Since judgment was given in O'Brien's Case, the courts have had to consider on a number of occasions what type of conduct may be regarded as deliberate and conscious violation of the constitutional rights of an accused person, and what type of conduct may fairly be regarded as falling outside that category.
It is clear from the decisions in The People .v. Madden,, The People .v. Farrell,, The People .v. O'Loughlin,, and The People .v. Walsh,, that knowledge of the common law and statute law, and of the constitutional guarantees, must — generally speaking — be imputed to the law enforcement agencies, and that if they are breached in a manner which infringes the constitutional rights of an accused person, it may be regarded as a deliberate and conscious violation without regard to the actual state of knowledge or bona fides of the garda officer or other person committing such violation.
The cases referred to were clear-cut. In Madden's Case the Offences Against the State Acts permitted the detention of a person under Section 30 of the Act of 1939 for a maximum period of 48 hours, whereas Madden was detained beyond that period while a statement which was being taken from him was being completed. No attempt was made in the course of the trial to justify this course, and the gardai who gave evidence were aware of the 48-hour time limit. In Farrell's Case, no evidence was given at the trial of the giving of the necessary authority to extend the applicant's detention up to 48 hours under the same statutory provisions and therefore the prosecution failed to establish that there had been no deliberate and conscious violation of the applicant's constitutional rights. In Walsh's Case the Supreme Court held that the failure to bring the appellant before a court at the first reasonable opportunity after his arrest (as then required by the express provisions of the Criminal Justice Act, 1951, Sec. 15, and as now required by the provisions of the new Section substituted for Sec. 15 by the Criminal Justice Act, 1984, Sec. 26) resulted in his continued detention being unlawful and in breach of his constitutional rights, but in that case the impugned fingerprint evidence was declared admissible because it had been obtained at a time when his detention had not yet become unlawful. A similar decision was given by the Court of Criminal Appeal in O'Loughlin's Case.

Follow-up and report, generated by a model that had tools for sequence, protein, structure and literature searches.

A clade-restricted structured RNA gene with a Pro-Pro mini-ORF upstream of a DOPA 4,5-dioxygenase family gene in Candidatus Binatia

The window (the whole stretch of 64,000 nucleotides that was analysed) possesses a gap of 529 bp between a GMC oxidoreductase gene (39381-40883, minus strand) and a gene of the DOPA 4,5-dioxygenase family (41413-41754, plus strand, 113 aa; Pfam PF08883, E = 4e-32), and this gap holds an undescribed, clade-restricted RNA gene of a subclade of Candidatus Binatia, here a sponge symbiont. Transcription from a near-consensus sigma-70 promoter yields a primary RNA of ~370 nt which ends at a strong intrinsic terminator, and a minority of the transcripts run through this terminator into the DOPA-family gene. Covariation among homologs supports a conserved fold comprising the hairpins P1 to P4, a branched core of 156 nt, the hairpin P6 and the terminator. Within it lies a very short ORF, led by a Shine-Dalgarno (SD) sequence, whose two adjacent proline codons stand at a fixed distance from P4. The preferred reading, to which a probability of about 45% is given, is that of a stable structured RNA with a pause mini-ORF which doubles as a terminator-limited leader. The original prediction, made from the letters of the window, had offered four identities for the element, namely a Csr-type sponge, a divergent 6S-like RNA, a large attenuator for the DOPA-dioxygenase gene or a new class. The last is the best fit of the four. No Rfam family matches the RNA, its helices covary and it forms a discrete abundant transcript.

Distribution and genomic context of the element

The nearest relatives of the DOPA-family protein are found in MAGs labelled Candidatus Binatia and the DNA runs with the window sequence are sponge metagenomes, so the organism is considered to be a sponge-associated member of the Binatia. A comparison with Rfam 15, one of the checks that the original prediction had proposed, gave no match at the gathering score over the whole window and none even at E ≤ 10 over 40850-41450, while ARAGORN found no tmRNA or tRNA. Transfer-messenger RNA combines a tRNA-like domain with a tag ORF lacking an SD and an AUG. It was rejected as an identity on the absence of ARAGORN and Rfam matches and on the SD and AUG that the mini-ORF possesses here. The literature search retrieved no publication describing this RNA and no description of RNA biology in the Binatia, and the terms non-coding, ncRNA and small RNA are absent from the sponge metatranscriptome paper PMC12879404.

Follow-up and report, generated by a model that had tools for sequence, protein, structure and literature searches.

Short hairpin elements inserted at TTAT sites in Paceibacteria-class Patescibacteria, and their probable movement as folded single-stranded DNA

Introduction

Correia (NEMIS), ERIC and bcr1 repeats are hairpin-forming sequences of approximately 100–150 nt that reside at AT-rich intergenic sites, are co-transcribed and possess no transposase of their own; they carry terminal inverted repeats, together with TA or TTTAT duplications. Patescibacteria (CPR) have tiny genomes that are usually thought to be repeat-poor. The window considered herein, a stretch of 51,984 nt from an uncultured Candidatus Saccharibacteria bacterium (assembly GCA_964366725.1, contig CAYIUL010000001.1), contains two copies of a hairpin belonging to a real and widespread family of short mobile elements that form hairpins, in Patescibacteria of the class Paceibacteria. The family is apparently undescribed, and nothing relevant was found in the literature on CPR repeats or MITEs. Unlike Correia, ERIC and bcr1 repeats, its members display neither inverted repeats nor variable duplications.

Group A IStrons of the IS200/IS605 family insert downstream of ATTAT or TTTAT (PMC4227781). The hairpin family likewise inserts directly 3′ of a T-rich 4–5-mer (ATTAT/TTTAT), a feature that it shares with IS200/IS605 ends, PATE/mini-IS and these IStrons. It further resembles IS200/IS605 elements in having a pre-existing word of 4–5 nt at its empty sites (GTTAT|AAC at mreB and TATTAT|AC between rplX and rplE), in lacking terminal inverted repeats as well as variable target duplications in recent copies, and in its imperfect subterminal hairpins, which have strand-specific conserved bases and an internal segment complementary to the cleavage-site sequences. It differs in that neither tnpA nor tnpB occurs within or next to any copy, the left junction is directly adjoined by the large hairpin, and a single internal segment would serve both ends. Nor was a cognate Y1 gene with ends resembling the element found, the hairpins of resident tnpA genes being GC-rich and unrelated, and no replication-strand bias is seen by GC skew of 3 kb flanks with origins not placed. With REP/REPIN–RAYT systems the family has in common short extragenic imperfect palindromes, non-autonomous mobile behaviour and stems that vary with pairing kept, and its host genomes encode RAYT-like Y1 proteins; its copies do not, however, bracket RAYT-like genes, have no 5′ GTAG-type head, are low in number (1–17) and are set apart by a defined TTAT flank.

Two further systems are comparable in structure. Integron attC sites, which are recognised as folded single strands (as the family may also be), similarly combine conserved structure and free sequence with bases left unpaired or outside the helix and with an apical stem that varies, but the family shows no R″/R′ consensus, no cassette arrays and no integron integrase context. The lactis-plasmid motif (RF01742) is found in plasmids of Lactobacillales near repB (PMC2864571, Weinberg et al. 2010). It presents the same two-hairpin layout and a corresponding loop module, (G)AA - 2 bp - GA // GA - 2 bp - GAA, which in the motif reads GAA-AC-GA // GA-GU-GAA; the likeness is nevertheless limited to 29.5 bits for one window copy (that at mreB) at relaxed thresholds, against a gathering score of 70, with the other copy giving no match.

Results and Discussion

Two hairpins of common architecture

These were all cases where the law was clearly—established and no justification was put forward in evidence by the prosecution witnesses for their failure to observe the rule of law in their dealings with the accused person.
Different considerations may arise where the law has been generally interpreted and applied in a particular way, without challenge, over a substantial period of time and then, by reason of judicial interpretation, what was formerly regarded as being in accordance with law is found to have been based on an incorrect interpretation of the law and, accordingly, tainted with illegality.
The present case may be taken as an example of that situation. It is common case that the procedure adopted by the garda officer for obtaining a search warrant was in accordance with standard procedure followed in availing of the provisions of sec. 26 of the Misuse of Drugs Act, 1977. The gardai in applying for search warrants under that section, and District Justices and Peace Commissioners in granting them, had proceeded on the basis that it was a sufficient compliance with the requirements of the section if the application was based on information on oath of a member of the Garda Siochana, deposing that he or she had reasonable ground for suspecting the existence of the matters referred to in the section. Ultimately, however, this procedure and a similar procedure followed in England in relation to analogous legislative provisions in force in that jurisdiction, were challenged in the courts and found to be invalid.
The relevant decision in relation to the English legislation is Reg. .v. IRC, Ex. p. Rossminister,, which was followed by the President of the High Court in considering the provisions of the Misuse of Drugs Act, 1977, as amended by sec. 13 of the Misuse of Drugs Act, 1984, in the case of Byrne .v. Grey,. These decisions have already...